Employee or Entrepreneur: Should You Launch Your Own CPA Firm?

Once you decide to join the exciting and highly competitive world of the accounting industry, the next big decision you have to make is whether to apply for employment in a CPA firm or to start your own business. Both of these options have their respective advantages and disadvantages, and you really just have to pick which scenario works best for your situation and the goals you have, career-wise.

In this article, we’ll help you reach a decision that will work for you by listing down the pros and cons of being an employee and venturing into entrepreneurship in the accounting sector.

Pros of Being Employed in a CPA Firm

  1. Guaranteed income

For as long as you’re regularly employed, you won’t have to worry about whether or not you’ll get paid next month. Whether or not accounts work out or clients pay on time, your boss will have to pay you in accordance with your employment contract.

  1. Fixed work hours

Business owners work round the clock to keep their companies running. Meanwhile, employees simply clock in, do their daily tasks, then clock out — and that’s it. You’ll even get paid for extra time, something that entrepreneurs never experience.

  1. Less pressure, less responsibility

As an employee, you only have to think about accounts and tasks assigned to you. Everything else is the problem of somebody else. This means less pressure for you. 

  1. You actually don’t have to be a CPA

It can be pretty hard to attract clients to your own firm if you, as the owner, are not a licensed CPA, because potential clients might not think your firm is qualified enough. It will be much easier to get employed in a CPA firm while you’re preparing to take the CPA exam.

Cons of Being An Employee in a CPA Firm

  1. Less independence

Even if you’re an accounting professional, working for someone else’s firm means you will have to take orders and thus your actions will be limited not to what you think is right, but what your boss thinks is right.

  1. Limited room for growth

Since you will have less independence as an employee, you will also have very little room for growth. You might be up for a few promotions, but that’s pretty much it for you. Running your own business will definitely teach you more and give you more opportunities to explore your strengths and improve your weaknesses as an accountant.

  1. Making someone else rich

This is one downside to having a fixed income. Even if the company expands its operations or gets more clients, you can only hope for a small raise, especially if the firm you’re working for does not have a profit-sharing agreement with its employees.

  1. Having to deal with people you may not like

Office politics is completely unavoidable when you’re an employee. Even in a CPA firm where all your colleagues are supposedly professional, you are bound to encounter people who will rub you off the wrong way. If you run the business, you can actually let people go when they’re no longer serving the firm culture you want.

Pros of Launching Your Own Firm

  1. Choosing your own hours

Since you’re the boss, you don’t actually have to render a certain amount of hours at work. In fact, once you’ve established your business processes, you can completely go hands-off and just check in on the firm’s operations every now and then.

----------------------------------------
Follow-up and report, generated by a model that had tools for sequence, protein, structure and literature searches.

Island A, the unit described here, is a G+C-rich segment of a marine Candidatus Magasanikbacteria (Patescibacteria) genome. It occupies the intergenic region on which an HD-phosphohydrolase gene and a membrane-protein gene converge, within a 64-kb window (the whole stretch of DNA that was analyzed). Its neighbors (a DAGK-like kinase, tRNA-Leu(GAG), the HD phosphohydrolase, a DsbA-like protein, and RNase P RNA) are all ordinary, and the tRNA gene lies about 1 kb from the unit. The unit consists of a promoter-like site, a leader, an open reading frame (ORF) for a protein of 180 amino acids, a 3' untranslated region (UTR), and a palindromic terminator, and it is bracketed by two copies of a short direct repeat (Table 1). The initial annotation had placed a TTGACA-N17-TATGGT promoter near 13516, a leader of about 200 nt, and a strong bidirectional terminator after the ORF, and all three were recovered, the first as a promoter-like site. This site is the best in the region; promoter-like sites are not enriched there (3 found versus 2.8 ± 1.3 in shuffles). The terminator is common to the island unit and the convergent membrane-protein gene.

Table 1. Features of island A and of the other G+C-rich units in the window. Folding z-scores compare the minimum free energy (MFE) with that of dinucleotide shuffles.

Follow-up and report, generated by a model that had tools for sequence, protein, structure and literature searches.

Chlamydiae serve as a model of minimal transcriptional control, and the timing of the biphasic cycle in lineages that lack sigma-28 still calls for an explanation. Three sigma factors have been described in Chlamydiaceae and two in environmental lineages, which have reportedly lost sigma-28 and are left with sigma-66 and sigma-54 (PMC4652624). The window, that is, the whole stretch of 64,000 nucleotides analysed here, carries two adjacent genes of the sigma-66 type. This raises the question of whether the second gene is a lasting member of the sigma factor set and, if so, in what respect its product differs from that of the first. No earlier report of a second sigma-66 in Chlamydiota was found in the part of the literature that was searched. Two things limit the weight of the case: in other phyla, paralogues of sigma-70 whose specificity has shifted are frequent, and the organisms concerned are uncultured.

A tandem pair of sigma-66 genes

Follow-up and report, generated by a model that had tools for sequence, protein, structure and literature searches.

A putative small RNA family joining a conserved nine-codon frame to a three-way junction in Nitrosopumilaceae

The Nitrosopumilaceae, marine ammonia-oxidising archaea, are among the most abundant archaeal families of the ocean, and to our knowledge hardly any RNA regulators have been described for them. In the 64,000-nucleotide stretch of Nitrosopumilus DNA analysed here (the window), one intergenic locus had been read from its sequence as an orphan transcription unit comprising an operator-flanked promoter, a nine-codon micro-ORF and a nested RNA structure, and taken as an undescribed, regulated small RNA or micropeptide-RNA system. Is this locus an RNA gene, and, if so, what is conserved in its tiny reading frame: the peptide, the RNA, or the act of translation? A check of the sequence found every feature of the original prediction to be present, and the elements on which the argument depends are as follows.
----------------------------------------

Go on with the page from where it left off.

1. Calling your own shots

Businesses are facing new realities especially in light of the pandemic. More than ever, employees are vulnerable and dependent on how well their bosses can handle the situation; but if you’re running the business, you have the freedom and power to decide your own strategy. 

  1. More room for growth

As mentioned earlier, nothing can beat the kind of learning and experience you can gain from running your own business. It’s a challenging endeavor, no doubt, but it will also be the most fulfilling thing you can ever do for your career.

  1. More financial freedom

While employees have a guaranteed monthly income, entrepreneurs will always have more financial freedom. You will be in total control of the business’ finances, and can always move money around in order to attain your personal and business financial goals.

Cons of Running Your Own CPA Firm

  1. Longer working hours

As mentioned earlier, you can technically choose your own hours as a business owner, but it doesn’t mean you get to slack off. In fact, you will have to work harder and longer hours than anyone else especially while you’re still trying to build your business from the ground up.

  1. More responsibilities

From choosing a marketing strategy all the way to managing your employees’ personal crises, you will have a lot more responsibilities when you choose to start your own CPA firm. You will have to be on top of everything — even things that regular employees don’t even have to think about.

  1. Less work-life balance

As discussed earlier, employees can simply clock-in and clock-out, day after day, and never have to take work home if they don’t want to. This is great for your employees because it shows you care for their welfare, and it will, in turn, increase retention and engagement. But this just is simply not the case for entrepreneurs. Running a business is a full-time job, especially if you want success, fast.

  1. Need for huge capital

Needless to say, starting your own business requires a lot more capital than applying for employment. 

The potential returns may be bigger, but there’s just no way you can tap into that if you don’t have enough funding upfront.

Now that you know the pros and cons of being an employee and starting your own CPA firm, you can make an informed decision about what you want to do for now. Weigh your options carefully and be realistic about your current situation, as well as your goals for the future. Only then can you make a decision that will benefit you in the long run.

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